Cancer blog: FDA Approves Oral Kidney Cancer Drug
FDA has approved sorafenib tosylate (Nexavar) as an oral treatment for advanced kidney cancer today. This is the first kidney cancer drug to receive FDA approval in over one decade.
In clinical trials, patients who were treated with this new oral drug called Nexavar sorafenib tosylate) had doubling of survival compared to those who were receiving placebo. "Rarely do we see a 100 percent improvement" in a new cancer treatment, said Dr. Richard Pazdur, director of the Food and Drug Administration's Office of Oncology section.
"We believe this represents, from a medical point of view, truly a major advance," Dr. Richard Pazdur, director of the Food and Drug Administration's Office of Oncology Drug Products, said in a conference call with reporters.
The approval is for patients with advanced renal cell carcinoma. Nexavar, taken orally twice a day, works by targeting a tumor's blood supply and growth, the developers said in a statement.
A month's supply of the drug will have a wholesale price of about $4,300, according to a Bayer spokeswoman. It will be available almost immediately. The drug is being studied to see if it inhibits other kinds of cancer.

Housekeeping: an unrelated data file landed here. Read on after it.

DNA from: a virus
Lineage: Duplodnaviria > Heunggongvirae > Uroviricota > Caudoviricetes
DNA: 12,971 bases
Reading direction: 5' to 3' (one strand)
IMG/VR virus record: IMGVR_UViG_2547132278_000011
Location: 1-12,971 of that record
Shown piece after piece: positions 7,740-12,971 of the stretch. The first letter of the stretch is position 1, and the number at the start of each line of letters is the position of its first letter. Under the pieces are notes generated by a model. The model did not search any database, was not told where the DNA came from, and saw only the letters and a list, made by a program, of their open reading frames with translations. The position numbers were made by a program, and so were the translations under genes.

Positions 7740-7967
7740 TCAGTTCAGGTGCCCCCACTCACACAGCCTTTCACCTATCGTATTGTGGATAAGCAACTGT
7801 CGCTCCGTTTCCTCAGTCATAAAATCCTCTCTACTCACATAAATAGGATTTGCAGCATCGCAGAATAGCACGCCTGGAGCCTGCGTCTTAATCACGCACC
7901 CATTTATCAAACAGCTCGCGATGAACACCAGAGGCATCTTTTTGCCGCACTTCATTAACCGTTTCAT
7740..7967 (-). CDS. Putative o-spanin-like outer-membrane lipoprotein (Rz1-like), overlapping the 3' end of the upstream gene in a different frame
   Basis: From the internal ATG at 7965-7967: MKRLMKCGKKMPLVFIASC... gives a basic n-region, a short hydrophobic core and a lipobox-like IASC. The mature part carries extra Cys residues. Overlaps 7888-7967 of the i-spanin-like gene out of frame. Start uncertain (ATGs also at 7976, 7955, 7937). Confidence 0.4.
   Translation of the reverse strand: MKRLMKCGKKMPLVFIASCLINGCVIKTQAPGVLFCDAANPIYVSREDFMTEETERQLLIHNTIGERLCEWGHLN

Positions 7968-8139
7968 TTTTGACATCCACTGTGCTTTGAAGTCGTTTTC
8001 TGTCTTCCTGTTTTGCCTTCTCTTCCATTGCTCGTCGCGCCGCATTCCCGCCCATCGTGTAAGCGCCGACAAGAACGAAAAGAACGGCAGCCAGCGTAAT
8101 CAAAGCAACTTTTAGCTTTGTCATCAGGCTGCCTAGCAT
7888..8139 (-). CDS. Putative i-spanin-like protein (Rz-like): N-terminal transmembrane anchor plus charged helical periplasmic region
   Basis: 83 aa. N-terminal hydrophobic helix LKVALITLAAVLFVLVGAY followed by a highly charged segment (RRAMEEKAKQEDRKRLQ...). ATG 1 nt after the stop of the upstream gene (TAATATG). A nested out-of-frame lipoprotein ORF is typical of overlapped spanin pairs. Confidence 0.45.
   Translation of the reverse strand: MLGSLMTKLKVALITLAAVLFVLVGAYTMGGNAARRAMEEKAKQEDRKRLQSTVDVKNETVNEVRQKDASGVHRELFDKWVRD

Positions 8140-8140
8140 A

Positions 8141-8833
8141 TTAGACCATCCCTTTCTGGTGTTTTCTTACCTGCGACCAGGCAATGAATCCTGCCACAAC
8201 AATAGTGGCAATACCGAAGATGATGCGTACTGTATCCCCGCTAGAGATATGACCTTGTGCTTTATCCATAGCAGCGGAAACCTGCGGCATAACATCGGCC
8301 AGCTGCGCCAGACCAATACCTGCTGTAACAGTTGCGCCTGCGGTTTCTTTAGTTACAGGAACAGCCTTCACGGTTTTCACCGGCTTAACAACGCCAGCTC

The drug may have serious side effects. About 2.9 percent of the people taking the drug developed heart problems - about seven times that of people taking the placebo. Dr. Susan Kelley, vice president of oncology product development at Bayer, said some of the heart problems included heart attacks.
The companies said people on the treatment should have their blood pressure monitored for at least six weeks, and that high blood pressure was a possible side effect.
About 40 percent of the patients on Nexavar had diarrhea and other gastrointestinal side effects, but FDA officials said those were generally manageable and that the drug had fewer toxic side effects than other cancer treatments.
Other side effects include rash and blisters on the palms of the hands or soles of the feet.
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Cancer blog: FDA Approves Oral Kidney Cancer Drug
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